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The word Christian comes from the Greek word christianos which is derived from the word christos or Christ, which means "anointed one." A Christian, then, is someone who is a follower of Christ. The first use of the word "Christian" in the Bible is found in Acts 11:26, "And the disciples were called Christians first in Antioch." It is found only twice more in Acts 26:28 and 1 Pet. 4:16. However, it is important to note that it is the true Christ that makes someone a Christian and not the Mormon one (brother of the devil, see Mormon Beliefs for more information) or the Jehovah's Witnesses' one (Michael the Archangel), the New Age Jesus (a man in tune with the divine Christ Consciousness), etc. The true Christ is God in flesh (John 1:1,14; 20:28; Col. 2:9; Phil. 2:5-8; Heb. 1:8): Jesus.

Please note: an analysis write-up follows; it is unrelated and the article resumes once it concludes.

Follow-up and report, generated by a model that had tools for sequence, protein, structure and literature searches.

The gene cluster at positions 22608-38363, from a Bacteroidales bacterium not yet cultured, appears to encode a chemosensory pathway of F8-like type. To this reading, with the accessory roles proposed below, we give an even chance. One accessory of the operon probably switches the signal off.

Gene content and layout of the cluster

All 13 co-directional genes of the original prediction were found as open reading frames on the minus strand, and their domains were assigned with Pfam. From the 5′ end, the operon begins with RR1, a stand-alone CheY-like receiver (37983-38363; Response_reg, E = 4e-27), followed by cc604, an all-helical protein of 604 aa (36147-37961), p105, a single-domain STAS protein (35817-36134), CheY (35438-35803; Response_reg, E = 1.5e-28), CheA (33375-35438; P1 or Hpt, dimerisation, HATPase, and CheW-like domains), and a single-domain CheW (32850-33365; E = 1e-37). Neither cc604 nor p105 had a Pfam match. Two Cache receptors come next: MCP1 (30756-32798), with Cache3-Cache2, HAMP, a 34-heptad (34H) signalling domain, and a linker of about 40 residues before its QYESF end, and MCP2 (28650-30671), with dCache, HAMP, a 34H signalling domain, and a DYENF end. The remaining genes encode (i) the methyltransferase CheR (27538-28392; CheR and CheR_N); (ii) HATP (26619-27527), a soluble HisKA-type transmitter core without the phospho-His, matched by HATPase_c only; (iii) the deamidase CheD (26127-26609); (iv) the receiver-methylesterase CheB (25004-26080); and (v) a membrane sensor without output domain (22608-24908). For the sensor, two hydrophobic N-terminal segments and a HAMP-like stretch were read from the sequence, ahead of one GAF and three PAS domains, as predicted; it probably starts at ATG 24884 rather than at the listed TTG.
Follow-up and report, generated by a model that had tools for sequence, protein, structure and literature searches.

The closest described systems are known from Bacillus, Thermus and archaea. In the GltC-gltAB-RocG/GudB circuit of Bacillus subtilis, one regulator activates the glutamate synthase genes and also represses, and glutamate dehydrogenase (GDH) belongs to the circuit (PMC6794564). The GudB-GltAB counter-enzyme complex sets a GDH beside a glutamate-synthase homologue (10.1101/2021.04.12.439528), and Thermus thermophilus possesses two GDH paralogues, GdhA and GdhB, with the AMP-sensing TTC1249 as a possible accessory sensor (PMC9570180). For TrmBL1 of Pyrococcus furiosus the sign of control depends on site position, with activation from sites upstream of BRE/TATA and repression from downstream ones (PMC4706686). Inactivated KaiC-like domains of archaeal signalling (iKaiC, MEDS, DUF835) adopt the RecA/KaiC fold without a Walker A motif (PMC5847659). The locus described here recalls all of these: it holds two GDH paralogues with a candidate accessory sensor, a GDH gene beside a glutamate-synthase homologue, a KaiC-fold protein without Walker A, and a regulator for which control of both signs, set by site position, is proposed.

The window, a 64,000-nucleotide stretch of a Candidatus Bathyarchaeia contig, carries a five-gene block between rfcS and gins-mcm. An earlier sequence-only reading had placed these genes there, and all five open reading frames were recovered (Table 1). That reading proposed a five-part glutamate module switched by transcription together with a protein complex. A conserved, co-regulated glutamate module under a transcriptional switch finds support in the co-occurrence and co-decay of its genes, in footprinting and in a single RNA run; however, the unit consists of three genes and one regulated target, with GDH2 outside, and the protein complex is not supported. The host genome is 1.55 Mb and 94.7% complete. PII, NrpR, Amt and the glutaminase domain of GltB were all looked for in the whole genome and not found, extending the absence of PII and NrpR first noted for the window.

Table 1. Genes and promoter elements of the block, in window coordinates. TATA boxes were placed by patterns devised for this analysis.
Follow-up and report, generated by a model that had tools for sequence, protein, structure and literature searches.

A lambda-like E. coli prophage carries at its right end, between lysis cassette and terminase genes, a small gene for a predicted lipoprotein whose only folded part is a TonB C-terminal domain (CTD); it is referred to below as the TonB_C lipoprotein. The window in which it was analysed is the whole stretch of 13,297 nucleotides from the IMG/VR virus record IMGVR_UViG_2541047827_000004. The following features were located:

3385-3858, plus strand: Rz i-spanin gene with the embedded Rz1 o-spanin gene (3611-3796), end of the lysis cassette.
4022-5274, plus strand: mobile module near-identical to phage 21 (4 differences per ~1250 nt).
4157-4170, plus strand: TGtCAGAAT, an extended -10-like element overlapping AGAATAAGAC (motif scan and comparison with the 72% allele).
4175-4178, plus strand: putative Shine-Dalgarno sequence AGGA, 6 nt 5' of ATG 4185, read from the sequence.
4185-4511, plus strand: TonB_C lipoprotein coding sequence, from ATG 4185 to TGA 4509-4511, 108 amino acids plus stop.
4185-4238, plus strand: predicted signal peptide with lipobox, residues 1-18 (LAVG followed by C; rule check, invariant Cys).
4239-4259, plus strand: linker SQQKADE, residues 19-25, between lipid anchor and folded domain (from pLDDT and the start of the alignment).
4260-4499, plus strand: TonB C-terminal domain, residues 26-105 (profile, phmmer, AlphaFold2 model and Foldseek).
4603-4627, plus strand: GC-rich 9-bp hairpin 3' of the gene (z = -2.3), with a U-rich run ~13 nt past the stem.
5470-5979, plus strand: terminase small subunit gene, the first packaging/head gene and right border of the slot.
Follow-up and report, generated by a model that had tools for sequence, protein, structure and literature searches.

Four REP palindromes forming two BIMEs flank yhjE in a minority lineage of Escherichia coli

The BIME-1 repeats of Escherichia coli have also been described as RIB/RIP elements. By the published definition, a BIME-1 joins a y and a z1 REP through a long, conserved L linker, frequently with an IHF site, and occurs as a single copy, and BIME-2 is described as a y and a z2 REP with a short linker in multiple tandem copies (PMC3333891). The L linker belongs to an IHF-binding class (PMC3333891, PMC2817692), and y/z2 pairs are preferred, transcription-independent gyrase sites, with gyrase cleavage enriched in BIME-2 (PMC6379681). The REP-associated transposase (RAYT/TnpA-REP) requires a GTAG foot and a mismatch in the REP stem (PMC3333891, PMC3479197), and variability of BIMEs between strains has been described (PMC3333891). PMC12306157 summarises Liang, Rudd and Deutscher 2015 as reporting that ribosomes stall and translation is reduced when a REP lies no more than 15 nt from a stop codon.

Christianity teaches that there is only one God in all existence, that God is a Trinity, that Jesus Christ is God in flesh, that salvation is by grace alone through faith alone, that Jesus died on the cross, and that Jesus rose from the dead in a glorified, physical body. The religion that contradicts any of these teachings is not Christian.

See the Christian Doctrine Grid


About The Author

Matt Slick is the President and Founder of the Christian Apologetics and Research Ministry.